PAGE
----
The lawsuit was originally filed by Melanie McCracken and Jess Negrón after a Kotaku report exposed the developers' "men-first" and "bro" company culture. In the report, Kotaku detailed employees' experiences within the company, such as instances of "genital grabbing" and senior leaders passing around lists of employees they would sleep with. One former employee who left the company due to sexism said working for Riot was like "working at a giant fraternity."
Under the terms of the settlement, $ 80 million will go towards members of the class-action lawsuit, while $ 20 million will go towards the plaintiffs' legal fees. All employees and contractors in California who identify as women and who worked at Riot between November 2014 until present day qualify for a payout. Those who've been with the company longer will get a bigger cut than newer workers. And there are quite a lot of newer ones — while only around 1,000 workers were qualified for a payout in 2019, there are now around 2,300 eligible personnel. In a statement, the developer told The Washington Post:
"Three years ago, Riot was at the heart of what became a reckoning in our industry. We had to face the fact that despite our best intentions, we hadn’t always lived up to our values. As a company we stood at a crossroads; we could deny the shortcomings of our culture, or we could apologize, correct course, and build a better Riot. We chose the latter… While we'e proud of how far we’ve come since 2018, we must also take responsibility for the past. We hope that this settlement properly acknowledges those who had negative experiences at Riot."
In addition to paying $ 100 million, Riot Games is also required to get a third-party expert to conduct "sex/gender equity analysis of total compensation, assignment and promotion outcomes for California employees." Riot must also allow pay transparency and will have to be monitored by a third party, who'll keep an eye on things like HR complaints and pay equity, for three years. The monitor will be able to recommend changes to the company that Riot can implement.
Genie Harrison, the women's rights attorney who represented the plaintiffs, said in a statement:
"This is a great day for the women of Riot Games – and for women at all video game and tech companies – who deserve a workplace that is free of harassment and discrimination. We appreciate Riot’s introspection and work since 2018 toward becoming a more diverse and inclusive company, its willingness to take responsibility for its past, and its commitment to fairness and equality in the future. Along with the DFEH and DLSE, the brave women of Riot who carried the torch of justice have achieved a precedent-setting result that stands as a beacon for other women and as a warning that employers had better pay and treat women fairly, or else be held accountable."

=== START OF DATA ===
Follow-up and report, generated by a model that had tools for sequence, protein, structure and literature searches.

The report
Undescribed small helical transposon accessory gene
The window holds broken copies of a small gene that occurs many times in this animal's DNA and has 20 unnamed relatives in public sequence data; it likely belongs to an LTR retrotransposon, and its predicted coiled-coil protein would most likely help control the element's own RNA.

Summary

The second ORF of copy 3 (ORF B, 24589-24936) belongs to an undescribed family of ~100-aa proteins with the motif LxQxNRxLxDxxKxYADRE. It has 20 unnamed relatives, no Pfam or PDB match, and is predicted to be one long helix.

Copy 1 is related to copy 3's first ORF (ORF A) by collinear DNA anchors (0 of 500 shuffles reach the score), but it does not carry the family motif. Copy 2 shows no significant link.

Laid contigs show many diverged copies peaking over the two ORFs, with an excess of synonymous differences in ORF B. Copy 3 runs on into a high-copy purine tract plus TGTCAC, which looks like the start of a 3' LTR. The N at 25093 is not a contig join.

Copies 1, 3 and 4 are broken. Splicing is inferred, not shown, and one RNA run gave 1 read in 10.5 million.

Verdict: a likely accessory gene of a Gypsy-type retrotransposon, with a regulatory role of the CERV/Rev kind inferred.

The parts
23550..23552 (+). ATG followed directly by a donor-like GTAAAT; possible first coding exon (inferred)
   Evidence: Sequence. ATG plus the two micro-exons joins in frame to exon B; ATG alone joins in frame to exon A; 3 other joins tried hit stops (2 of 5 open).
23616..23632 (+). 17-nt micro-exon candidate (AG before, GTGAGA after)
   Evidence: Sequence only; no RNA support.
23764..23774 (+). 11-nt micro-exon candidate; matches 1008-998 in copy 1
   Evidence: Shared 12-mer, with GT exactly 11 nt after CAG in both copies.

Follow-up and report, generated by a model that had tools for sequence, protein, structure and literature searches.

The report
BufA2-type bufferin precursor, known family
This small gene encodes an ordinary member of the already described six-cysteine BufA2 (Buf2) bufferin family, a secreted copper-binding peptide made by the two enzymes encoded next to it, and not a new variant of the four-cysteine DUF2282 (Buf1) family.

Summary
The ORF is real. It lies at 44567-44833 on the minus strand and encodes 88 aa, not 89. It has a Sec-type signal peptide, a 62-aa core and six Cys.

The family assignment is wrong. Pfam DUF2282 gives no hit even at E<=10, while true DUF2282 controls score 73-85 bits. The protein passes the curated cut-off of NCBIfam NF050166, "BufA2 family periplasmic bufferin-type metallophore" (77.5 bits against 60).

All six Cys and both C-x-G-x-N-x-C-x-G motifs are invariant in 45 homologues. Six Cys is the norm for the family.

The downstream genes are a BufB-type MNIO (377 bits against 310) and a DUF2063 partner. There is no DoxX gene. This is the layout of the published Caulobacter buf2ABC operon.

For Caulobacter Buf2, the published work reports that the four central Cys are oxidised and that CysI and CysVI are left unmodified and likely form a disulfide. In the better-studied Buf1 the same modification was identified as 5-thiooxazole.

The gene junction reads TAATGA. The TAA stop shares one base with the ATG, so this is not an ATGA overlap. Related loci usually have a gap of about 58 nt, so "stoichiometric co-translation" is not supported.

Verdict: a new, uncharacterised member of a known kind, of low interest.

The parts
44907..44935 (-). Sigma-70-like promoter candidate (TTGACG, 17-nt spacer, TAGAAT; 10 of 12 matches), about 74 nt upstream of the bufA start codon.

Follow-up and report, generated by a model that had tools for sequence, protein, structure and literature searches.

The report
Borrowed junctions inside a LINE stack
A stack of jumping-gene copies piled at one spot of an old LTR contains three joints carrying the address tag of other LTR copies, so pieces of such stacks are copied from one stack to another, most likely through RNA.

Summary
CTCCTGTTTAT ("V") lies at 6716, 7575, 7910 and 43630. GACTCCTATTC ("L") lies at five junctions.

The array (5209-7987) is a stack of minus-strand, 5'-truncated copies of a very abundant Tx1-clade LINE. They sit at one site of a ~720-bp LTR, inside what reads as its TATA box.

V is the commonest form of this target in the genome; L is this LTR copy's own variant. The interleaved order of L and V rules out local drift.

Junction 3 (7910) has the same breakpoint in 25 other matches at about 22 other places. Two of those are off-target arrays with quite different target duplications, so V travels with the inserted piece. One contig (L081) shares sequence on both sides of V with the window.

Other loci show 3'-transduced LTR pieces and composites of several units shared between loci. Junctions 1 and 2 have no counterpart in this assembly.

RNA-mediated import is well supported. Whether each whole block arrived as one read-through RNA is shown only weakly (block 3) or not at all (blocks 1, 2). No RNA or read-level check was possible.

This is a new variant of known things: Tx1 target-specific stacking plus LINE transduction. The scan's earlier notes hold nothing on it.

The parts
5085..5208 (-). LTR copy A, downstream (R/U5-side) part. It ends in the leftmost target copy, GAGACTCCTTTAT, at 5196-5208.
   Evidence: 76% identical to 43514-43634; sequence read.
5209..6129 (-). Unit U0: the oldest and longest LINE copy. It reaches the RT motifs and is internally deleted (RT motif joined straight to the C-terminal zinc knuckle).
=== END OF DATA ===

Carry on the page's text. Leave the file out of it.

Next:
Tesla has been ordered to pay $ 137 million in damages to a former Black worker who accused the company of turning a blind eye to discrimination and racial abuse at the company's EV plant in Fremont California, the Washington Post has reported. A San Francisco federal court jury awarded the judgement — reportedly one of the largest in an individual race discrimination employment case — to Owen Diaz, an elevator operator who worked as a contract employee in 2015 and 2016.
In the lawsuit, Diaz alleged that he faced discrimination "straight from the Jim Crow era," in which he was subjected to racial slurs. He alleged that Tesla employees left drawings of swastikas, racist graffiti and offensive cartoons around the plant, while supervisors neglected to halt the abuse. "Tesla's progressive image was a façade papering over its regressive, demeaning treatment of African-American employees," according to the lawsuit.
The jury awarded Diaz $ 6.9 million for emotional distress, but the majority, $ 130 million, was punitive damages against Tesla. "It's a great thing when one of the richest corporations in America has to have a reckoning of the abhorrent conditions at its factory for Black people," said the lawyer for Diaz, Lawrence Organ.
"It took four long years to get to this point,” Diaz told the New York Times. “It’s like a big weight has been pulled off my shoulders.”
In response to the verdict, Tesla downplayed the allegations in a blog post written by human resources VP Valerie Capers Workman. "In addition to Mr. Diaz, three other witnesses (all non-Tesla contract employees) testified at trial that they regularly heard racial slurs (including the N-word) on the Fremont factory floor,” she wrote. “While they all agreed that the use of the N-word was not appropriate in the workplace, they also agreed that most of the time they thought the language was used in a ‘friendly’ manner and usually by African-American colleagues.”
Tesla added that it was responsive to Mr. Diaz's complaints, firing two contractors and suspending another. She said that while the facts didn't justify the verdict, the company was "not perfect" in 2015 and 2016, "but we have come a long way." The company has yet to say whether it plans to appeal.
It was a relatively slow week in the tech world until Epic Games came along with its Mega Drop 20% discount that passed along the saving on V-Bucks and real-money offers to players that chose to pay via Epic Direct payments. Those who chose to pay with Apple Pay or Google Pay were left to […]
Come comment on this article: After Fortnite is removed from Apple and Google’s app stores, an Epic lawsuit is launched
Last year, Genius made headlines when it used a "watermark" made up of alternating styles of apostrophes that spelled out "red handed" in Morse code to highlight what it said was Google scraping its annotated lyrics. While the move was clever, it has…